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Understanding the Fundamentals of Tax Deducted at Source

So, you are about to join the workforce and start your career. Now is the perfect time to get some basic ideas about income taxes – starting with TDS. You must have seen this term being mentioned on your salary documents. However, you might not have a clear idea about what TDS is and how it is deducted from your account. So, keeping your predicament in mind, here’s offering you some basic details about TDS.

What exactly is TDS?

Tax Deducted at Source (TDS) refers to the income tax that is deducted from the money that is paid when making particular payments like interest, salary, professional fees, commission, rent, and so on. Let’s simplify this further for easier understanding.

So, as a person receiving the income, you are liable to pay income tax as per the income tax slab. However, the government has made provisions whereby a part of the income tax gets deducted in advance from your income. Your employer deducts this tax and you get the net amount after the TDS deductions.

When and how is the TDS deducted?

Anyone who makes payments that are outlined in the Income Tax Act must deduct TDS during making the payment. However, you do not have the TDS liability if your books are not mandatorily audited as an individual or a Hindu Undivided Family. On the other hand, 5% TDS will still be deducted if you pay a monthly rent of over INR 50,000 even if your books are not liable for audits.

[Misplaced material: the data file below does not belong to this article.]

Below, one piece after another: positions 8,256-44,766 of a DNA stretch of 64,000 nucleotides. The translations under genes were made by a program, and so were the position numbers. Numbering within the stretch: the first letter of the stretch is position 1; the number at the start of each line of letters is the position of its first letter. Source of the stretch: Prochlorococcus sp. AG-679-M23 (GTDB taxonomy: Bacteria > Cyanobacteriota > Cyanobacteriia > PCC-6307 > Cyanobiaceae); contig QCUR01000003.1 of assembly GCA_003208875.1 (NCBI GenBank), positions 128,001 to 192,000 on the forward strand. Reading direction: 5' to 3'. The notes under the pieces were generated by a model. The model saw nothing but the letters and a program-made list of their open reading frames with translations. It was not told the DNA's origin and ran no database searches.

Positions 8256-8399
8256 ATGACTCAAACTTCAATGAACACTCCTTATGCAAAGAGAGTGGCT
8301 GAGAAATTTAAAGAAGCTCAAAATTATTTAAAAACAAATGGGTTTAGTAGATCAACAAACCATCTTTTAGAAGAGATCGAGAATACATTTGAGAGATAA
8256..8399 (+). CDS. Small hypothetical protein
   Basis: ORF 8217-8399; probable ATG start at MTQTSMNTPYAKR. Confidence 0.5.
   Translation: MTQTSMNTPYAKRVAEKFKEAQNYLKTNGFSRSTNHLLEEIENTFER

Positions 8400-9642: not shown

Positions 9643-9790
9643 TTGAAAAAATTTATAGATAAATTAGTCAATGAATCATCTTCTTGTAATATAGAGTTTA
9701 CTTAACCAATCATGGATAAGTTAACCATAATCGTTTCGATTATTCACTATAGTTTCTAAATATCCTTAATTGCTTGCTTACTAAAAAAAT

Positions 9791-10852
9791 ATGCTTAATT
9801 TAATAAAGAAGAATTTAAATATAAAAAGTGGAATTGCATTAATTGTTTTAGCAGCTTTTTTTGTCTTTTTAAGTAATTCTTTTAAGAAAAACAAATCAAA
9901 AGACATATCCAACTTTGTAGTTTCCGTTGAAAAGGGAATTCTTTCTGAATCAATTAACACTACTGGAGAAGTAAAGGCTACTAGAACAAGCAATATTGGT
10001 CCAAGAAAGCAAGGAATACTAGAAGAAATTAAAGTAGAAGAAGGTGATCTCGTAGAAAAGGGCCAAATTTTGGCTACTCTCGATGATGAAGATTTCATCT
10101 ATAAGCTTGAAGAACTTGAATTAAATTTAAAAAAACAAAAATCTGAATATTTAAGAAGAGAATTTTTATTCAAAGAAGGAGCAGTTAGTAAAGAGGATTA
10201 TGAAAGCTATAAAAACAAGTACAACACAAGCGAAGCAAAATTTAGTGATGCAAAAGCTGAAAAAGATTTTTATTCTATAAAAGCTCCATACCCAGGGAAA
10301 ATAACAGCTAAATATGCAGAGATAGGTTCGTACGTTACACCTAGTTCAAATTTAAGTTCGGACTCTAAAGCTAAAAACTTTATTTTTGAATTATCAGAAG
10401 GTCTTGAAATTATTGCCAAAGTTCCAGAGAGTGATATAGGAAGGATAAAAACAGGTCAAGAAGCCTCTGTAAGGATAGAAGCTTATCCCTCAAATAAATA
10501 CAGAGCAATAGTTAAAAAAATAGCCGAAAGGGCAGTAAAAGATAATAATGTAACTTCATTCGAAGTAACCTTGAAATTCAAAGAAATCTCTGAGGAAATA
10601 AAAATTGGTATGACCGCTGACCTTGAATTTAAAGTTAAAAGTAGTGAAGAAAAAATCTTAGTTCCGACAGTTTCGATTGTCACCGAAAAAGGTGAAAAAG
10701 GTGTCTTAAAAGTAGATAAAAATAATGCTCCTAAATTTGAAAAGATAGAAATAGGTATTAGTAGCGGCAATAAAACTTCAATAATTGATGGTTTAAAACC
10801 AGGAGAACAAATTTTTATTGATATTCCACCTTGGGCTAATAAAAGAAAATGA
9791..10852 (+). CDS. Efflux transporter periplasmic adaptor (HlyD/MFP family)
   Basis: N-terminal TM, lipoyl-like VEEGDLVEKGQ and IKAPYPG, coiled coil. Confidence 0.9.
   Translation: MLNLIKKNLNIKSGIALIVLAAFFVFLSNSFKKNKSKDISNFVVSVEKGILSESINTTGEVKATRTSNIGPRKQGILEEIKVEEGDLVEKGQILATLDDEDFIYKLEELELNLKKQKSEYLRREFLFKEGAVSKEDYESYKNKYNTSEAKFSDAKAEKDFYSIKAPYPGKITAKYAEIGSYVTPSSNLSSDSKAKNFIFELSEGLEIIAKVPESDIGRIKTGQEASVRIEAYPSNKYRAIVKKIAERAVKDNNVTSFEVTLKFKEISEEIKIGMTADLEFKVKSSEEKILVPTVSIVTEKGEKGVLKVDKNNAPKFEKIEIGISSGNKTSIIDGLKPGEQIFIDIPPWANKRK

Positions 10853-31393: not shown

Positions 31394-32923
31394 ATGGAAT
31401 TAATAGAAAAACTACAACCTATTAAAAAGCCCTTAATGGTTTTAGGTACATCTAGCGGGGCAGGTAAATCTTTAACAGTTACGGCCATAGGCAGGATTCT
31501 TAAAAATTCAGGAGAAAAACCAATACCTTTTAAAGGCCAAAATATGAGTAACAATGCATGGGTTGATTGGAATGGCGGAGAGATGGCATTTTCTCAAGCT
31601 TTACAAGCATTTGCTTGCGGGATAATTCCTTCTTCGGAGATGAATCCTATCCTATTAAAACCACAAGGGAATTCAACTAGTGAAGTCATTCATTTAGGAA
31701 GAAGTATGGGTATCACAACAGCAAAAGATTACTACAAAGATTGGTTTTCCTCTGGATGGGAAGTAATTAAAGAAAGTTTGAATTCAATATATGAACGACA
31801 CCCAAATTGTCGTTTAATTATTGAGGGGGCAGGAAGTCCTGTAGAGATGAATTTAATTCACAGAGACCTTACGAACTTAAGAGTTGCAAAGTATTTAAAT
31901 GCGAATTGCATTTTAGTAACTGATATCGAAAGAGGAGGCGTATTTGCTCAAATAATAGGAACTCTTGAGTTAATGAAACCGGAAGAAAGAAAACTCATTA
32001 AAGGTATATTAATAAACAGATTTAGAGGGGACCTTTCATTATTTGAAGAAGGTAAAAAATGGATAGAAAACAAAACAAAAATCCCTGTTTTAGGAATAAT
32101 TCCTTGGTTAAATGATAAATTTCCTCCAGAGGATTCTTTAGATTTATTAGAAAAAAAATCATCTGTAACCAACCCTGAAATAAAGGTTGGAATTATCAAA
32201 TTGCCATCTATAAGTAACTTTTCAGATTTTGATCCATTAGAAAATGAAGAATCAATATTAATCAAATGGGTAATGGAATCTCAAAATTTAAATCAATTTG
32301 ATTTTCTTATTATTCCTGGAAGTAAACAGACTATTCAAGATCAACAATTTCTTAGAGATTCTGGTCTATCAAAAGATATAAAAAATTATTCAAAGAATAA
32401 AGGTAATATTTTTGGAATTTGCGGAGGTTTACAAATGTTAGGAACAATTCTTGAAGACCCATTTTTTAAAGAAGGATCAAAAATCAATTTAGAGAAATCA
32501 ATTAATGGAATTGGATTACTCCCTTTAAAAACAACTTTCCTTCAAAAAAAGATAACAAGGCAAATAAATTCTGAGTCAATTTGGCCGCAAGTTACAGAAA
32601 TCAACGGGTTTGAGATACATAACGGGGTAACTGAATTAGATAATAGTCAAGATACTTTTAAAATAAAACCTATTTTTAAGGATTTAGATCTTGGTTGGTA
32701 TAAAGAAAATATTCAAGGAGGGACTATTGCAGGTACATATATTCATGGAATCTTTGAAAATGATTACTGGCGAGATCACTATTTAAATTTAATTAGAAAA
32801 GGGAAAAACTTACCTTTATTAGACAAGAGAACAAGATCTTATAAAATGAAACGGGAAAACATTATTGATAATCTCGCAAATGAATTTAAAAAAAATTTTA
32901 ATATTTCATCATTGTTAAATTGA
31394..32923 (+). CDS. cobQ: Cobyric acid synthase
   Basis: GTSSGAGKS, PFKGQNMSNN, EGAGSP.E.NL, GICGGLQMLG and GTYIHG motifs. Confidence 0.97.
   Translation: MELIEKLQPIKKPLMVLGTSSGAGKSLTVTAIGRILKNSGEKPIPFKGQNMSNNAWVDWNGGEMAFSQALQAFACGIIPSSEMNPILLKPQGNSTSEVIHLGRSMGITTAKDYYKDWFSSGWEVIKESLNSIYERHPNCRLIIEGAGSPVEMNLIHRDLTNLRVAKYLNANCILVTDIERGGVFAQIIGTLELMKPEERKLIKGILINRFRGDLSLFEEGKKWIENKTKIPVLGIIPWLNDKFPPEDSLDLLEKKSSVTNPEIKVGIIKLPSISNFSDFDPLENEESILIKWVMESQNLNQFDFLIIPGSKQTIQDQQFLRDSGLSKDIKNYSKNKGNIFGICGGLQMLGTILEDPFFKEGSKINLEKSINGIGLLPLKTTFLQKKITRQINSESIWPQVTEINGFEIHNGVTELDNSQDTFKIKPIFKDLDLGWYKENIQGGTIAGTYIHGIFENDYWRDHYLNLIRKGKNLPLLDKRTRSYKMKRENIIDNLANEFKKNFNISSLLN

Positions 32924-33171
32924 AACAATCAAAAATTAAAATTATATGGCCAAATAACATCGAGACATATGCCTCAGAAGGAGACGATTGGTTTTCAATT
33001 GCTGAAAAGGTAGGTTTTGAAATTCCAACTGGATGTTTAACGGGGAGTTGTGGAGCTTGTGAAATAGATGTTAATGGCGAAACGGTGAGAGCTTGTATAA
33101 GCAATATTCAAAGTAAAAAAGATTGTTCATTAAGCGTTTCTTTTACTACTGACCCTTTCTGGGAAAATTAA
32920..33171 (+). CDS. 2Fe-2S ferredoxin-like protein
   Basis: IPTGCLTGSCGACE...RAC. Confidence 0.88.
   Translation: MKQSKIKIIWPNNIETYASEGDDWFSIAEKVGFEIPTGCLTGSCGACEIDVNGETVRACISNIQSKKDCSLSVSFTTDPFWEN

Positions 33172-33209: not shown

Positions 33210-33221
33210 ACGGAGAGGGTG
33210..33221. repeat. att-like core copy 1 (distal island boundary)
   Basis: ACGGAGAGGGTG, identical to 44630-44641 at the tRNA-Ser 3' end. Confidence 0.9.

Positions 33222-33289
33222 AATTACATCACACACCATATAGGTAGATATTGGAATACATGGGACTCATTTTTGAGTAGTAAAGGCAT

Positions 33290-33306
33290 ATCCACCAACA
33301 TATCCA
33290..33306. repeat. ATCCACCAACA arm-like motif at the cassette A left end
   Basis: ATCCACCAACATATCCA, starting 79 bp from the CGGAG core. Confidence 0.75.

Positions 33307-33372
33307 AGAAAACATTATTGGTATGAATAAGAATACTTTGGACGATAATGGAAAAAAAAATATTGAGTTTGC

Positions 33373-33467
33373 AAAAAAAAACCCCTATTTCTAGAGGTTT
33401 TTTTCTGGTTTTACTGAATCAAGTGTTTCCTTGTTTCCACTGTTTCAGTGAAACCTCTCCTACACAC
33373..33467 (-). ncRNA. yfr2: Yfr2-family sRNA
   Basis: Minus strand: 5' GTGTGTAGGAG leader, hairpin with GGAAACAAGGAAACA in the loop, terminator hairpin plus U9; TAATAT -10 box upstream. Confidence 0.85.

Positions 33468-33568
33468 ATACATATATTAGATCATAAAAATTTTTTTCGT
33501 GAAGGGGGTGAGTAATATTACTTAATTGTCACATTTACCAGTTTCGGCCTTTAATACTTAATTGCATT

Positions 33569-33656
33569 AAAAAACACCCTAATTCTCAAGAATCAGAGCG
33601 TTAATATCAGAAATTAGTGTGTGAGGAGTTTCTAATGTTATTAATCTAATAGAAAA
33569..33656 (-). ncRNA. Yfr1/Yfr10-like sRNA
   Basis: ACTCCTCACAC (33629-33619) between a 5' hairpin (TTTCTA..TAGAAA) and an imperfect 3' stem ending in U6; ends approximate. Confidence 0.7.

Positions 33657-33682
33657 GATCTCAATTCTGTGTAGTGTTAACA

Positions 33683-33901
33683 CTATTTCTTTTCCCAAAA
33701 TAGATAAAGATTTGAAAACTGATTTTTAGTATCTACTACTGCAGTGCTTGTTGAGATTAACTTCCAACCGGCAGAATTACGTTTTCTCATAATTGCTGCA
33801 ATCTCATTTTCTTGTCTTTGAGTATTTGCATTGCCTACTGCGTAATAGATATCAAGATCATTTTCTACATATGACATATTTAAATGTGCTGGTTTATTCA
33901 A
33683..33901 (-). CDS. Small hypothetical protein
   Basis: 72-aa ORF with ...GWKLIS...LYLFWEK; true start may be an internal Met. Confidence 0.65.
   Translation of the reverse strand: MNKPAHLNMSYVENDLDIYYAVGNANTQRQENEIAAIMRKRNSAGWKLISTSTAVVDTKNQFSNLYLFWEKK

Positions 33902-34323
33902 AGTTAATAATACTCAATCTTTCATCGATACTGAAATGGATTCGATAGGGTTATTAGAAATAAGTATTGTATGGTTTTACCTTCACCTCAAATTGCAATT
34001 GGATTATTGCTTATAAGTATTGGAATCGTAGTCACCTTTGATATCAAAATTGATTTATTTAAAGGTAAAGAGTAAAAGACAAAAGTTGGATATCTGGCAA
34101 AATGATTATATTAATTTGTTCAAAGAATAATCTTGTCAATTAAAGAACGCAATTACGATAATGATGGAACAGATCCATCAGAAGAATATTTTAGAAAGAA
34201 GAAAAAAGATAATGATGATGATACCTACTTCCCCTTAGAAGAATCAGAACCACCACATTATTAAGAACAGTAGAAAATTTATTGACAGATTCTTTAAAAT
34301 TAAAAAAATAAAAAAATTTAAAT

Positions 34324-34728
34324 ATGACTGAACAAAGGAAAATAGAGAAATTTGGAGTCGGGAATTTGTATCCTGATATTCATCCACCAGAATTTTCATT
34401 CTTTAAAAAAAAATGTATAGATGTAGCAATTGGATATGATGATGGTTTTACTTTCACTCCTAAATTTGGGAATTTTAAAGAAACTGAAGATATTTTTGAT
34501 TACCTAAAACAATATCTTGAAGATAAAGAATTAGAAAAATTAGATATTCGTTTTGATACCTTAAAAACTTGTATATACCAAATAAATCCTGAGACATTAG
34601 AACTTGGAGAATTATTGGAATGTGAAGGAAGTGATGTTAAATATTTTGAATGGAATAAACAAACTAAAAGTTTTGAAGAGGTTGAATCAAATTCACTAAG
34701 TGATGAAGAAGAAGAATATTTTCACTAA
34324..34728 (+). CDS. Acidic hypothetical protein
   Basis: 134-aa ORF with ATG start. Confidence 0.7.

As mentioned before, your employer deducts TDS as per the income tax slab that you come under. Banks have a provision of deducting 10% TDS (or 20% if your PAN card details are not available with the bank).

What exactly is a TDS certificate?

There are four TDS certificates – Form 16, Form 16A, Form 16B, and Form 16C. These certificates are issued by the one deducting the TDS to the one from whom the TDS was deducted during making payments. Here is a detailed idea of TDS deductions and related certificates for different transactions.

  • Form 16: Salary payments (deducted yearly)
  • Form 16A: Non-salary payment (Quarterly)
  • Form 16B: Property Sales (Each transaction)
  • Form 16C: Rent (Each transaction)

The importance of Form 26AS

Keep in mind that TDS is always linked to the PAN card for both you and the one deducting the amount. You can go through Form 26AS to know more about the TDS deducted from your income. This form offers a complete tax statement for all the PAN holders.

In Form 26AS, you will find the information on each deduction made by every deductor on your income for any kind of payment you have made. You will also find information about the tax that you have paid directly, i.e., the self-assessment taxes.

Hopefully, the details of TDS and how it is deducted is clearer to you now. If you want to know more about tax slabs or tax saving schemes, it would be a good idea to talk to your finance manager or bank about it.

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